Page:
UPDATED: UOP stadium to be razed, replaced with tennis, soccer and field hockey venues

UPDATED: University officials have provided SCL with an expanded site plan, featuring other facilities such as sand volleyball courts, golf practice greens, and clubhouses. But the most significant upgrade appears to be an expansion of the Spanos Center. There is no timetable for the upgrades. You can see the entire site plan below. 

Amos Alonzo Stagg Memorial Stadium, on the campus of the University of the Pacific, has a storied past. The stadium was home to Pacific Tigers football until 1995, San Francisco 49er training camp scrimmages, and countless high school graduations. But today, the 63 year old structure sits dormant, its glory days long gone. However, instead of letting this once-hallowed ground remain idle, university officials plan to inject new life into the site. Starting this spring, the stadium will be razed and a new athletic facility featuring tennis, field hockey and soccer venues, will rise in its place.

New UOP athletic facility site plan (c/o University of the Pacific)

New UOP athletic facility site plan (c/o University of the Pacific)

The linchpin of this new project will be the Eve Zimmerman Tennis Complex which will become the new home of the Tiger’s men’s and women’s tennis teams. Last week, the university announced a $1.5 million gift from Pacific Alumnus and former tennis pro Eve Zimmerman to help build the facility. Plans include 12 courts, an electronic scoreboard, and a two-story clubhouse, among other things. The state-of-the-art tennis complex is billed as “one of the finest tennis facilities on the west coast” in a university press release. To date, officials say they have raised nearly $2.6 million of the $3 million total project cost. Construction will begin this summer, though there is no set date for completion.

“This will be a significant upgrade for our teams,” said Ted Leland, Vice President for External Relations and Athletics. “Our students will benefit from more recreational opportunities. We also plan on opening up these facilities as much as possible for the community for masters and juniors programs. Stockton has always had a strong tennis community.”

scl aa stadium

Amos Alonzo Stagg Memorial Stadium will be razed in the coming months

In addition to the tennis center, the university will also build soccer and field hockey venues, as well as a running path through the entire complex. The new soccer stadium will replace the university’s 2012 plan to construct a facility on nearby Knoles field. The decision to instead include a soccer stadium as part of the larger athletic complex turned out to be a more prudent option, according to officials. The new venue will accommodate the women’s soccer team as well as UOP’s new men’s team, which will begin competition in 2015.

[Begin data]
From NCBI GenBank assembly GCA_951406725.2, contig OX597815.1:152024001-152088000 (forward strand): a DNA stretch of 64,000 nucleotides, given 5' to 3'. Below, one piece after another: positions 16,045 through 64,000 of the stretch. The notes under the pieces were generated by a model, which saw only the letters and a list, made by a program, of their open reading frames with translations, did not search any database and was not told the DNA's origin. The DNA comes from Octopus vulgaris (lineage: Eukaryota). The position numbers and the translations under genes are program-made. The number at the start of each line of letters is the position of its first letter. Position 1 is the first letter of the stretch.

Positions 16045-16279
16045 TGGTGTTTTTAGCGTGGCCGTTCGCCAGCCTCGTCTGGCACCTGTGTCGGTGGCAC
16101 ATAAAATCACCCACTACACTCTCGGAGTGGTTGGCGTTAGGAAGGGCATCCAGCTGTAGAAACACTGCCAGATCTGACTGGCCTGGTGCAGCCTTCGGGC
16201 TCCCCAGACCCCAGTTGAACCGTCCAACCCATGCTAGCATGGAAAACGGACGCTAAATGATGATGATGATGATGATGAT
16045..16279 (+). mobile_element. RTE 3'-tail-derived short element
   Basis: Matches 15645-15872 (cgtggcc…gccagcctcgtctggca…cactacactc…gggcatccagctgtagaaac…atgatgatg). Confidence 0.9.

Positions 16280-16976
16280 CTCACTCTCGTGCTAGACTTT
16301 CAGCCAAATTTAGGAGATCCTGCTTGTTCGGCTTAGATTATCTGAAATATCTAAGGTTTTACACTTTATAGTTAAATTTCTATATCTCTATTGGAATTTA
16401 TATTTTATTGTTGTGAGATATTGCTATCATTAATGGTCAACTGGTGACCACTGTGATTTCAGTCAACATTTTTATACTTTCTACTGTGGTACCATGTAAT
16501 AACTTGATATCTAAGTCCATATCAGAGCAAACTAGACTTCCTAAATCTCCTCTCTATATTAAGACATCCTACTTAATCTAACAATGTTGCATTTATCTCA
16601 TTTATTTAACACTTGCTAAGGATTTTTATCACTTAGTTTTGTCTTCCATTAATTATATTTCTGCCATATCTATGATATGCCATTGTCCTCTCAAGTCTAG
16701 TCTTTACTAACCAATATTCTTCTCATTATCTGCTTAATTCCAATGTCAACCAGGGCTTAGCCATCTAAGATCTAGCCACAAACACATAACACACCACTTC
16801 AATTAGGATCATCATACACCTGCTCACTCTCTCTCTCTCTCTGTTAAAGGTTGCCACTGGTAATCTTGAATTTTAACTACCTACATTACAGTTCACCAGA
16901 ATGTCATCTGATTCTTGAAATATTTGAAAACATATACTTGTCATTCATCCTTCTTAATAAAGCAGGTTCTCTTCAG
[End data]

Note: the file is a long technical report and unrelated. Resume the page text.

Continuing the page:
Details on the design of the new facilities are not yet available. The university’s current tennis courts, the Hal Nelson Courts just north of the Calaveras River, will remain.

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Categories: Development News

Author:David A. Garcia

David A. Garcia created SCL in March of 2012. Garcia is a Stockton native with a background in urban policy and planning, holding a Bachelor's Degree from UCLA as well as a Master's Degree in Public Policy from the Johns Hopkins Institute for Policy Studies. He currently serves as the Policy Director at the UC Berkeley Terner Center for Housing Innovation. David was also COO at Ten Space, a real estate development firm focused exclusively on Downtown Stockton, and continues to advise on their projects. Prior to that, he worked three years as a researcher/analyst for a Congressional research agency in Washington, DC. The views expressed on this site are entirely of the author's

6 Comments on “UPDATED: UOP stadium to be razed, replaced with tennis, soccer and field hockey venues”

  1. February 5, 2014 at 11:37 am #

    What? Are they going to build another stadium??

    • Suzanne Huggins
      February 5, 2014 at 6:15 pm #

      I think it’s a darned shame that they ever took football away in the first place!

  2. February 5, 2014 at 6:20 pm #

    I think it’s a darned shame that they ever took football away in the first place. They’re going to tear everything out anyway but I think it’s a crying shame. Oh, the fun we used to have at those games! My parents, who are quite elderly now, went to UOP and graduated from that great university! We went to the games with them with and later on, with our husbands. What wonderful memories!